Blog: SEC charges firms for unregistered crypto asset lending program … – Financial Regulation News

The Securities and Exchange Commission (SEC) levied charges against two companies for violations related to its crypto asset lending program.

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Specifically, the SEC charged Genesis Global Capital and Gemini Trust Company, LLC for the unregistered offer and sale of securities to retail investors through the Gemini Earn crypto asset lending program. Through this unregistered platform, Genesis and Gemini raised billions of dollars’ worth of crypto assets from hundreds of thousands of investors.

In December 2020, according to the complaint, Genesis, a subsidiary of Digital Currency Group, entered into an agreement with Gemini to offer Gemini customers an opportunity to loan their crypto assets to Genesis in exchange for Genesis’ promise to pay interest.

Starting in February 2021, Genesis and Gemini began offering the Gemini Earn program to retail investors, whereby Gemini Earn investors tendered their crypto assets to Genesis, with Gemini facilitating the transaction. Gemini deducted an agent fee, sometimes as high as 4.29 percent, from the returns Genesis paid to Gemini Earn investors. Genesis then exercised its discretion in using investors’ crypto assets to generate revenue and pay interest to Gemini Earn investors, the complaint said.

Further, in November 2022, Genesis said it would not allow its Gemini Earn investors to withdraw their crypto assets because Genesis lacked sufficient liquid assets to meet withdrawal requests. At the time, Genesis held roughly $900 million in investor assets from 340,000 Gemini Earn investors. Ultimately, Gemini terminated the Gemini Earn program this month, but Gemini Earn retail investors have not, as of today, been able to withdraw their crypto assets.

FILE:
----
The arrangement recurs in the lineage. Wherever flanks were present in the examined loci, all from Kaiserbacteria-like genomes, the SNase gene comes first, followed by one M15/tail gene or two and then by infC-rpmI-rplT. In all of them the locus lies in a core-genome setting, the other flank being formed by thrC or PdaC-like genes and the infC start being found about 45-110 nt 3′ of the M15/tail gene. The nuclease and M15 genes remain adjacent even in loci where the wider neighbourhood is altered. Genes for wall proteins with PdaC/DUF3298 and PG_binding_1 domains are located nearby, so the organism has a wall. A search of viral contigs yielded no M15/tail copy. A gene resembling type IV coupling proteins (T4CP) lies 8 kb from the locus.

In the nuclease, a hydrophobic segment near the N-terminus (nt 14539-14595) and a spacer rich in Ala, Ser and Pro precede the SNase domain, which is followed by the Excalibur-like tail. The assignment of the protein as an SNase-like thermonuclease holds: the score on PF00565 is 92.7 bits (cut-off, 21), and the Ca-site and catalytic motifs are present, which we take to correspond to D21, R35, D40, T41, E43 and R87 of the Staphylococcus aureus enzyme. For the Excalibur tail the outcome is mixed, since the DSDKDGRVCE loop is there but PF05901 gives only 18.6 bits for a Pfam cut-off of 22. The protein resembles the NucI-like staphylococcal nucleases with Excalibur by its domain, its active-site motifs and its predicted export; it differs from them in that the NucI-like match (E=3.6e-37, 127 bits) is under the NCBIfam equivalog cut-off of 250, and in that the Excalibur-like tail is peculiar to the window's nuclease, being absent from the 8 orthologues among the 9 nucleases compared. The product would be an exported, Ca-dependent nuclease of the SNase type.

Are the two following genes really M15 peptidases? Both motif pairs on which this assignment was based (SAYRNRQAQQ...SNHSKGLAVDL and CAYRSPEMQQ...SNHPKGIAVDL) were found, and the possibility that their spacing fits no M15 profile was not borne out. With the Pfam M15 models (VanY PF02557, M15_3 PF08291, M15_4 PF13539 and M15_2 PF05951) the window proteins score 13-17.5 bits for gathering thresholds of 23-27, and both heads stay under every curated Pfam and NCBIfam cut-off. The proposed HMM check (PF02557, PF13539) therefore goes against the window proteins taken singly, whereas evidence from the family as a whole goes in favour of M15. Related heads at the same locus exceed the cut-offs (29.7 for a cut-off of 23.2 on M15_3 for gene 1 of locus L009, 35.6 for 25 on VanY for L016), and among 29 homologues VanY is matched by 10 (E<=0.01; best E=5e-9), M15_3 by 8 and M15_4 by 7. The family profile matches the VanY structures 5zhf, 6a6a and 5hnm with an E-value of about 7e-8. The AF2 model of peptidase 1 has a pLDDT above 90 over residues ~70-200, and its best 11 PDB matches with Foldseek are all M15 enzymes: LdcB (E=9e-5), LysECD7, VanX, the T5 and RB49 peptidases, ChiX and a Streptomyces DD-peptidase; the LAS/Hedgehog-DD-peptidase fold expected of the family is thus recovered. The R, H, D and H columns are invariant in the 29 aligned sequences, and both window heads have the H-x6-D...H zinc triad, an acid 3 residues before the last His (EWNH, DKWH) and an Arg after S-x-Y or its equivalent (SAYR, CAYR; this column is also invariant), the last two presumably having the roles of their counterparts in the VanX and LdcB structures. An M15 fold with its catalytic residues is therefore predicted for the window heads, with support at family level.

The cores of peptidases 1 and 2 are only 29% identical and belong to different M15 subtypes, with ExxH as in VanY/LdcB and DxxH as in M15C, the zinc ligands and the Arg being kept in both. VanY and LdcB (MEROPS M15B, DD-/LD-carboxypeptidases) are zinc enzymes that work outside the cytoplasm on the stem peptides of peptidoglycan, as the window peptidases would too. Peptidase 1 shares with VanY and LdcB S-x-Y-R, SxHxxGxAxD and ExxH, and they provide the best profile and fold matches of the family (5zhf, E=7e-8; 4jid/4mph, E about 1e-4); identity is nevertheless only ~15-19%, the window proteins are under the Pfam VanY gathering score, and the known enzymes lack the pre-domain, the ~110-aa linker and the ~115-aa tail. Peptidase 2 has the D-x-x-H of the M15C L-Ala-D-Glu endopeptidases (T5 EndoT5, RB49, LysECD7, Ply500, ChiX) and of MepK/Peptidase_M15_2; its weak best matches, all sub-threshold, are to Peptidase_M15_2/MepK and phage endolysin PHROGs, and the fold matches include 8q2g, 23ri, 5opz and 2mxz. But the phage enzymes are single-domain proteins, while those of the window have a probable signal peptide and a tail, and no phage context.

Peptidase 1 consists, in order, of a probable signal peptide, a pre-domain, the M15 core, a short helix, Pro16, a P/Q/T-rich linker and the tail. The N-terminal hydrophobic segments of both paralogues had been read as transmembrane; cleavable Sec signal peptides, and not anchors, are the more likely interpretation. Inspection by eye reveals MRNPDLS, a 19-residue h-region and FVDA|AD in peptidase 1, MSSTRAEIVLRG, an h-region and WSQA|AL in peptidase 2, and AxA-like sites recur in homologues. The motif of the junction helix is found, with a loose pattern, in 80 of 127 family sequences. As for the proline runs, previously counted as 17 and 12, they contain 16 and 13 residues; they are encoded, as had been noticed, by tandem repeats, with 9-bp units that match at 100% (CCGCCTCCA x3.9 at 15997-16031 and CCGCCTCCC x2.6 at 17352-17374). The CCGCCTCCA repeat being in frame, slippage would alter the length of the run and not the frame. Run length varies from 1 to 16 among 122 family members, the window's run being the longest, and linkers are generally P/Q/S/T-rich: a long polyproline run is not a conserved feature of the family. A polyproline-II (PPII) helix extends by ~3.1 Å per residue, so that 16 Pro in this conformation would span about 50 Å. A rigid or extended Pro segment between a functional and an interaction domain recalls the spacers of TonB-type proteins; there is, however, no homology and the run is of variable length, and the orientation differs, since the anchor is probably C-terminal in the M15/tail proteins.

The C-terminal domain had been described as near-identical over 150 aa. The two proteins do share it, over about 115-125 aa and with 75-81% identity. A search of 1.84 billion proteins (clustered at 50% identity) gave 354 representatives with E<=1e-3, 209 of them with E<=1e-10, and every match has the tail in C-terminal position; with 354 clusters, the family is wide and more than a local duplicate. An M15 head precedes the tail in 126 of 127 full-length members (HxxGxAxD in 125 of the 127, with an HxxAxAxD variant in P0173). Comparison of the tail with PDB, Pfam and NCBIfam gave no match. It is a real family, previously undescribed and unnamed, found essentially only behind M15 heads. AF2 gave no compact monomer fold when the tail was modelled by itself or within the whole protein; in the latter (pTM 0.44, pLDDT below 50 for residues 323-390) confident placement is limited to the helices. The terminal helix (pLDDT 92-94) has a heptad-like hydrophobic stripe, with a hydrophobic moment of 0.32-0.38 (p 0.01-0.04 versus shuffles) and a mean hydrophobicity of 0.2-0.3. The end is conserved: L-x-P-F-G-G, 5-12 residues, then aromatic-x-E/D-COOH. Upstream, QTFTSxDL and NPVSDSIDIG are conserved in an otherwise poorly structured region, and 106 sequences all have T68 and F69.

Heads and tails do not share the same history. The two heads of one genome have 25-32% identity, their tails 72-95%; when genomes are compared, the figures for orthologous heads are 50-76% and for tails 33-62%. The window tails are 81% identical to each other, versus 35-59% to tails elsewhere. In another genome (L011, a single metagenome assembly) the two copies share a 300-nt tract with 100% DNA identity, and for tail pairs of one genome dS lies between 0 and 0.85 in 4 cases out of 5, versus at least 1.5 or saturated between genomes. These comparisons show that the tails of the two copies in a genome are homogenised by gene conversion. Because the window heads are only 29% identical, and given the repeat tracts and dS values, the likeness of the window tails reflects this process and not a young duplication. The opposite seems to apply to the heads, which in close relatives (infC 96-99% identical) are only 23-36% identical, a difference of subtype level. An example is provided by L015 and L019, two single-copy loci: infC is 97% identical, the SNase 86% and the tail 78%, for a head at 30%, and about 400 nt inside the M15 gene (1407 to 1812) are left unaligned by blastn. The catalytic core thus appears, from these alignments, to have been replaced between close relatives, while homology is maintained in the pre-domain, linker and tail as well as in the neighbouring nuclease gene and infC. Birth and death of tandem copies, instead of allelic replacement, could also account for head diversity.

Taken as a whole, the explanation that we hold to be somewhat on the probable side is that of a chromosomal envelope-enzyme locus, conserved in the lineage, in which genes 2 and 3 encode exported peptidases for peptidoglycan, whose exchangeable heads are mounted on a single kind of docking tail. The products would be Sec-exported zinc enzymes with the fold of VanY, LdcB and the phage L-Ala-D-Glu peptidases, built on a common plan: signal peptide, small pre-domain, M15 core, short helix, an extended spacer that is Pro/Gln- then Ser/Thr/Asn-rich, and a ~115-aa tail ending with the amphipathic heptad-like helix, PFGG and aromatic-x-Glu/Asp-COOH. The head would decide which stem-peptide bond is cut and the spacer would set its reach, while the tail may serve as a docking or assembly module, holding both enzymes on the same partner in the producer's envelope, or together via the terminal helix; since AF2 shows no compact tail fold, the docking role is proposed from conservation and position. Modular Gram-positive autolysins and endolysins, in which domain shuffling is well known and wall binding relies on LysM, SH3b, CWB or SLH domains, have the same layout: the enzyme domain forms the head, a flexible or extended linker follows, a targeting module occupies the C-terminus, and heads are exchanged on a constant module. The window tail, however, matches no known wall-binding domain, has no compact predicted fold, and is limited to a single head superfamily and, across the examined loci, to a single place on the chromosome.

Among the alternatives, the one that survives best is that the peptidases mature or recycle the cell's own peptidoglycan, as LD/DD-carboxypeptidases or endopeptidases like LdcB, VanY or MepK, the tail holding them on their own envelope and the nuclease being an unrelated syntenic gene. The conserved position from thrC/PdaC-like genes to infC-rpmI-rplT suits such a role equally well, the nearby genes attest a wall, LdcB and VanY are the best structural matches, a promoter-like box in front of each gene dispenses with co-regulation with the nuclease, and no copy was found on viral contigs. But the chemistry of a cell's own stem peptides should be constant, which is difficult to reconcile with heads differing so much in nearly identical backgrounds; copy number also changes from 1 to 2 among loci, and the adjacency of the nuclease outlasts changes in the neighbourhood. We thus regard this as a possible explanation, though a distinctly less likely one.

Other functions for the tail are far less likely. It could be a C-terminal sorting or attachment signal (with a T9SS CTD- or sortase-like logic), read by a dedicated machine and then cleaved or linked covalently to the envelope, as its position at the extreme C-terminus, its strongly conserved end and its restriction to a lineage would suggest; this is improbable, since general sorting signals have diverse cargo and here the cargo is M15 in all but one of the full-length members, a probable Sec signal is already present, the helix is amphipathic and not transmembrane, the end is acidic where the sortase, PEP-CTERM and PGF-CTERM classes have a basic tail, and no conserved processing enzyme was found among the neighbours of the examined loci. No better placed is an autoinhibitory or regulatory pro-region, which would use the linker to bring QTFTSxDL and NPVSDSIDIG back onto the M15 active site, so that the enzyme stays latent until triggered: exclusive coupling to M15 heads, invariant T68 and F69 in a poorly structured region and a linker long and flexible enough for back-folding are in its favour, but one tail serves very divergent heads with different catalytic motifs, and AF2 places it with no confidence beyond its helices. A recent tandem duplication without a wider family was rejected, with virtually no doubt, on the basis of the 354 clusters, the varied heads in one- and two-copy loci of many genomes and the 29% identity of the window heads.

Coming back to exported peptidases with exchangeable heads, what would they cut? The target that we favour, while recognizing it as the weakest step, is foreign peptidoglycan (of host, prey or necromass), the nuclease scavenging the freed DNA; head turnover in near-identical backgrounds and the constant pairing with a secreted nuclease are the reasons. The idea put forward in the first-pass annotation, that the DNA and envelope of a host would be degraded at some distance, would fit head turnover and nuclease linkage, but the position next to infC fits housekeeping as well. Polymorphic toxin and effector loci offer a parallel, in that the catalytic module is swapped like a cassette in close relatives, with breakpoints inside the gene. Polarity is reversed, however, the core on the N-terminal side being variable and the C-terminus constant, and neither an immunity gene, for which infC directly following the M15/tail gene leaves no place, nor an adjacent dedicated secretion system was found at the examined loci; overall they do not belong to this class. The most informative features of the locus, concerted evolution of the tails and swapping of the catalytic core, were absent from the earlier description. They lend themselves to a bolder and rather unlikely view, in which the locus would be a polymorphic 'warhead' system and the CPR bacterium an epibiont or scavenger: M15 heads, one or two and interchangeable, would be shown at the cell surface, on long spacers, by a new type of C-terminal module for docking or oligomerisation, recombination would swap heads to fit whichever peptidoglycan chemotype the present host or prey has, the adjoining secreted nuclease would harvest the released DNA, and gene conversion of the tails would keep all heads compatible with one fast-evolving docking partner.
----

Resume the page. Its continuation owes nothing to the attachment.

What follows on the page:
The SEC’s complaint alleges that the Gemini Earn program should have been registered with the commission.

“We allege that Genesis and Gemini offered unregistered securities to the public, bypassing disclosure requirements designed to protect investors,” SEC Chair Gary Gensler said. “Today’s charges build on previous actions to make clear to the marketplace and the investing public that crypto lending platforms and other intermediaries need to comply with our time-tested securities laws. Doing so best protects investors. It promotes trust in markets. It’s not optional. It’s the law.”

The SEC’s complaint was filed in the U.S. District Court for the Southern District of New York. The SEC is seeking permanent injunctive relief, disgorgement of ill-gotten gains plus prejudgment interest, and civil penalties.

“The recent collapse of crypto asset lending programs and the suspension of Genesis’ program underscore the critical need for platforms offering securities to retail investors to comply with the federal securities laws,” Gurbir Grewal, director of the SEC’s Division of Enforcement, said. “As we’ve seen time and again, the failure to do so denies investors the basic information they need to make informed investment decisions. Our investigations in this space are very much active and ongoing, and we encourage anyone with information about this matter or other possible securities law violations to come forward, including under our Whistleblower Program if applicable.”

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